I applaud the application of these wonderful discoveries and programs to help children and hopefully stem the tide of criminal violence. However, neglecting to acknowledge the benefits this would give the armed citizen, because of an anti-gun agenda, would be ridiculously ironic given the fact that the very literature they are producing professes, with steadfast momentum, that violence is a common and natural occurrence among humans, regardless of the presence of a gun or any other weapon for that matter. The only differences being that, with a gun, the attacker isn’t forced to be in close proximity to the victim, and the armed victim isn’t bound by the law of natural selection to lose if the attacker has an advantage leveraged by physical prowess or a weapon of their own. Anti-gun rhetoric aside, the science of what they present is solid.
The first dot from which all other dots in the self defense picture get their structure is the amygdala. No, it’s not a mythical deity that warns warrior spirits of imminent peril. It’s the area of the brain that has its finger on the emotional trigger of our brain. The amygdala and another part of the brain called the hippocampus are responsible for almost all memory retention.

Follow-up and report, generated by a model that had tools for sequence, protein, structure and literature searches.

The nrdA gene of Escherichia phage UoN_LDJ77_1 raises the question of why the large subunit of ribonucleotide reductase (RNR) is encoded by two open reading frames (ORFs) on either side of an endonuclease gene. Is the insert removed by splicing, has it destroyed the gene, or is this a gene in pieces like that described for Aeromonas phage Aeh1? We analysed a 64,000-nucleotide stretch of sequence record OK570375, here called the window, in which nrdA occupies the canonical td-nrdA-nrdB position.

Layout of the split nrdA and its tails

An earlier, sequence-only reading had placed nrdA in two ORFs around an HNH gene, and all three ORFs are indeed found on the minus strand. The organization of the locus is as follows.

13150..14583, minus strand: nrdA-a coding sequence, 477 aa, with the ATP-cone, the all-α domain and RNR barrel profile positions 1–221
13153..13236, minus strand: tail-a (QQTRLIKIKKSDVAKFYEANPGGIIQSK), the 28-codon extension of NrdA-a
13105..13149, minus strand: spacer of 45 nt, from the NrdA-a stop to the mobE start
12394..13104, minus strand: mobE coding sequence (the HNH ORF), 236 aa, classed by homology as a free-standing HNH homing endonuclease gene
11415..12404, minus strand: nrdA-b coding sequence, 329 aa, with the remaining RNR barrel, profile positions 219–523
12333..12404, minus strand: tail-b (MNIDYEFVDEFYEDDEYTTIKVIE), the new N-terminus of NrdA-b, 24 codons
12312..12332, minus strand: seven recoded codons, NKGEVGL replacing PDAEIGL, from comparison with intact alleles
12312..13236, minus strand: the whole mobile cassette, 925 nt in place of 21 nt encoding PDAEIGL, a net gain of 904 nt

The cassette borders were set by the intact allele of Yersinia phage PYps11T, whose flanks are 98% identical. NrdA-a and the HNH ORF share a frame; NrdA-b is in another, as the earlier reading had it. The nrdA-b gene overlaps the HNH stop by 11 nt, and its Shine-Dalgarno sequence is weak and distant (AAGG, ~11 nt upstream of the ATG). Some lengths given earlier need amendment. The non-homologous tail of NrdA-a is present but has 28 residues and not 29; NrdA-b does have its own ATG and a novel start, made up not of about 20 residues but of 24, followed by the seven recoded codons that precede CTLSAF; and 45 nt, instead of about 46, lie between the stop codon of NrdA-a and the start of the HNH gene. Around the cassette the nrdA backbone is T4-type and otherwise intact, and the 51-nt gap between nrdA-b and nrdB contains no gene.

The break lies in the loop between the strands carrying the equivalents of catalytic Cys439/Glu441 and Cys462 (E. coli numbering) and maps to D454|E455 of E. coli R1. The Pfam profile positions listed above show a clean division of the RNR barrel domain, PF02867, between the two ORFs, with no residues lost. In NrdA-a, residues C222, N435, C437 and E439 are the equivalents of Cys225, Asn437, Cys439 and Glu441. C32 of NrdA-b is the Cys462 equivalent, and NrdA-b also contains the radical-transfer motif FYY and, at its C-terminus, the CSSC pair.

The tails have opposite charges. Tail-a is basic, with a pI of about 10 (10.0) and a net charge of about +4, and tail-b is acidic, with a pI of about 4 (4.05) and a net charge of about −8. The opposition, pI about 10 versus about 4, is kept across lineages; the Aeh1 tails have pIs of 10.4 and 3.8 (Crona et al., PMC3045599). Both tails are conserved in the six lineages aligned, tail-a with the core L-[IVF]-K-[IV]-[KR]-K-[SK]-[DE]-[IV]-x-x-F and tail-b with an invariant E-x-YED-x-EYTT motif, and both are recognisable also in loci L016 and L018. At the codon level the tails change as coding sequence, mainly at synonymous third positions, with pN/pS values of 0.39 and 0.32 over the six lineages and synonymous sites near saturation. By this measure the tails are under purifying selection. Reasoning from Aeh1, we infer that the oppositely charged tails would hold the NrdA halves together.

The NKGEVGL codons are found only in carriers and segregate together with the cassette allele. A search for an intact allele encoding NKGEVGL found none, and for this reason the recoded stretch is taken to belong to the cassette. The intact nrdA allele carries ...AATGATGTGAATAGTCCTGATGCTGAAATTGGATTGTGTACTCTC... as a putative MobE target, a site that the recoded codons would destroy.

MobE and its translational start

The hippocampus takes the role of remembering the specifics of the memory such as context, but it is the amygdala that causes values and resultant emotion and action to be applied to those memories. For example, have you ever opened a drawer and jumped at the sight of a rubber snake or spider, only to exhale and smile a second later? How many times have you heard something that made you instantly burst out in laughter, maybe spraying your drink you had just taken a sip of only to be totally embarrassed a second later? Or how about when you smell something that immediately takes you back and not just remember, but feel the emotion of a fond moment in your past?